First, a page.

Shopping is Good for Your Emotional and Mental Health!

Turns out, shopping is not just a convenient excuse to rack up your credit card bill! There is research that suggests it can really lift your spirits! And it isn’t only the women who are out invading the stores!

Here’s bits of the article:

retail therapy

Not a myth: Retail therapy may improve your mood  by Katie Little, CNBC

“Retail therapy” may be more than a quaint catch phrase — new research suggests that easing sadness may be just a purchase away. Shopping to improve one’s mood, long derided as a temporary fix for the blues, has been the subject of a string of new reports and surveys that suggest that shopping while sad may indeed help ease this feeling and minimize the impact of a looming stressful event.

More than half of Americans say they have shopped and spent money to improve their mood, according to a survey released on Tuesday from Although more women admitted to this behavior, with nearly 64 percent of women saying they’ve engaged in so-called retail therapy, some 40 percent of men attempted to shop their blues away.

Among the 1,000 adults polled by TNS Global on behalf of Ebates in March, more than half said they think online shopping provides better therapy than visiting physical store locations. Of those surveyed, nearly four out of 10 women said retailtherapy improves a person’s mood compared to about 21 percent of men.

A report released last month by the University of Michigan Ross School of Business supports this theory. In the first study, people watched a sad video clip and then were given money to buy a snack. Those who did were less sad afterward. In the second study, participants watched a sad clip and then were either instructed to go to a shopping site where they were told they could either browse for useful items or choose things to buy. Those who were allowed to choose items to buy had lower sadness scores afterward. When participants decided to purchase an item, their levels of residual sadness fell as the purchasers benefited from the increased feeling of control. However, choosing not to buy did not reduce sadness.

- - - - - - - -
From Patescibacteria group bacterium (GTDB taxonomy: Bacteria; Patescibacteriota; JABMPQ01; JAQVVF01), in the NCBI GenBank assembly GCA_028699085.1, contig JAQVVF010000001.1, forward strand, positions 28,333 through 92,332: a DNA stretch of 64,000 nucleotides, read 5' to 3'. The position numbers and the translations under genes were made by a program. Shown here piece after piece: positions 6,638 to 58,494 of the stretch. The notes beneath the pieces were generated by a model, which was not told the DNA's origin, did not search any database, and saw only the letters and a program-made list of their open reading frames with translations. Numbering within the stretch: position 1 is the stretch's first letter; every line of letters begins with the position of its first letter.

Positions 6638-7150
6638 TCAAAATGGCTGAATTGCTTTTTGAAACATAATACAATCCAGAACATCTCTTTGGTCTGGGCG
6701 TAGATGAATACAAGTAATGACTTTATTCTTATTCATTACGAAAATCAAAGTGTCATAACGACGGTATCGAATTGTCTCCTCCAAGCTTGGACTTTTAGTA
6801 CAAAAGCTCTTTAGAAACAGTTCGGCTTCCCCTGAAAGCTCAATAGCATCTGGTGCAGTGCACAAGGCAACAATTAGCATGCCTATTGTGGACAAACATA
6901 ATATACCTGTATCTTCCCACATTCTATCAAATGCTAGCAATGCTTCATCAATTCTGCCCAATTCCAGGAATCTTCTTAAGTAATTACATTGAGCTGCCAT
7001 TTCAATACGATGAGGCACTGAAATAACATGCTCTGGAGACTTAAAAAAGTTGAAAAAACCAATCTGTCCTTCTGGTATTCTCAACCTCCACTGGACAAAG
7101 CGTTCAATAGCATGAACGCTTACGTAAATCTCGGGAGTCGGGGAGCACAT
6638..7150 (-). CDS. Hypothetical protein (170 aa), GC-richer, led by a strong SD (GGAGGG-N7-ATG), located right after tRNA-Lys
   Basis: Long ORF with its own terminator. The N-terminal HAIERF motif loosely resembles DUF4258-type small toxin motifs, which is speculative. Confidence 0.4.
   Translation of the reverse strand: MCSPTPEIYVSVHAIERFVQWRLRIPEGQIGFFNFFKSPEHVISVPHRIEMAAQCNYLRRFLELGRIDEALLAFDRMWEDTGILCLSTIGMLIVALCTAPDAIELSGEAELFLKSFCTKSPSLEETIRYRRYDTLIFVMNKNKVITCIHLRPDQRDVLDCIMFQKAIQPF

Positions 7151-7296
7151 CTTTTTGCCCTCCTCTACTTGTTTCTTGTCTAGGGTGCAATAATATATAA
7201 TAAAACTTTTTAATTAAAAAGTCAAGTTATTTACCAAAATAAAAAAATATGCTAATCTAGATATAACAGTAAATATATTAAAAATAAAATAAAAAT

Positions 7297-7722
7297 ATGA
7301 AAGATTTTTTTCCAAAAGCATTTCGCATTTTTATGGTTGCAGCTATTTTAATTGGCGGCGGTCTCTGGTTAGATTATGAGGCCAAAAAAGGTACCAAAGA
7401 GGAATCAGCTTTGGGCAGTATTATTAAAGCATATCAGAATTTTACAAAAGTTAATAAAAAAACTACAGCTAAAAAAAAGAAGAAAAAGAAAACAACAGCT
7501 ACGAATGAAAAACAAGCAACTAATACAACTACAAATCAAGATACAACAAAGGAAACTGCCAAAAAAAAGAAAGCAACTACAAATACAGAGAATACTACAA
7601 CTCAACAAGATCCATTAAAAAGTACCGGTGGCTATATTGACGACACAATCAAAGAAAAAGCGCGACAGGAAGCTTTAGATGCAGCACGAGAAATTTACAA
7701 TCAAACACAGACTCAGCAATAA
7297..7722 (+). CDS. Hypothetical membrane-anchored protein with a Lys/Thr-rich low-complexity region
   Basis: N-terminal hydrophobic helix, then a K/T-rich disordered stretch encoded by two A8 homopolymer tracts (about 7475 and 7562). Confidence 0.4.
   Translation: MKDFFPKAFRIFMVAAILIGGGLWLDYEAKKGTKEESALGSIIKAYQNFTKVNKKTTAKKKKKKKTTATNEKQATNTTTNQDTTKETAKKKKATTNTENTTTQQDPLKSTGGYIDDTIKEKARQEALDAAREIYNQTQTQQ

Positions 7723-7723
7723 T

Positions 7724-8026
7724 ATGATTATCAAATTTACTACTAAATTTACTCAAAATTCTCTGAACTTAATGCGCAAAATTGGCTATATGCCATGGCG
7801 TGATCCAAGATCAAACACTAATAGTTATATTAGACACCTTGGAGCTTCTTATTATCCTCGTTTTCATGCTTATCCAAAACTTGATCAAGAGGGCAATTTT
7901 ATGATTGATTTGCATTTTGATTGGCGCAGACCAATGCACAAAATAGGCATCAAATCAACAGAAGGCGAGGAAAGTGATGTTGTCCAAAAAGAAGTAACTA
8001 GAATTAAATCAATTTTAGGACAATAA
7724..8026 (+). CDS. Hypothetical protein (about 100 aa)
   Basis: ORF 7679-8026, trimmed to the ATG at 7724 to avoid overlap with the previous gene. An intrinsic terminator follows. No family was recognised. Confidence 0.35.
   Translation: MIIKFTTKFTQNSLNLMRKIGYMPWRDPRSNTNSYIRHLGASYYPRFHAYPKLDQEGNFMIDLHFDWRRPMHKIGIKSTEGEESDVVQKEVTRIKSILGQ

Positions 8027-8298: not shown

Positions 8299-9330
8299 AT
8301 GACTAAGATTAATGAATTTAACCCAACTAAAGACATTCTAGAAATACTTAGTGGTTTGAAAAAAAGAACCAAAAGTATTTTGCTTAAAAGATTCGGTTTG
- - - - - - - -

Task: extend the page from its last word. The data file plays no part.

“The sadness-reducing benefits of choosing to buy cannot be explained by the distraction afforded by buying, the pleasure associated with obtaining a new good, or the possibility that people who choose to buy are fundamentally different than people who choose not to buy,” the Michigan study found. “Instead, the benefits of choosing to buy were driven by increased feelings of control.”

Still, it’s unclear whether potential financial impacts down the road outweigh the lift that shoppers feel at the time they make a purchase, acknowledged the Michigan report. “Whether the increased control afforded by buying results in a loss of control later (due to increased debt and reduced savings), and thus counteracts the temporary benefits of retail therapy, remains an important open question,” it concluded.

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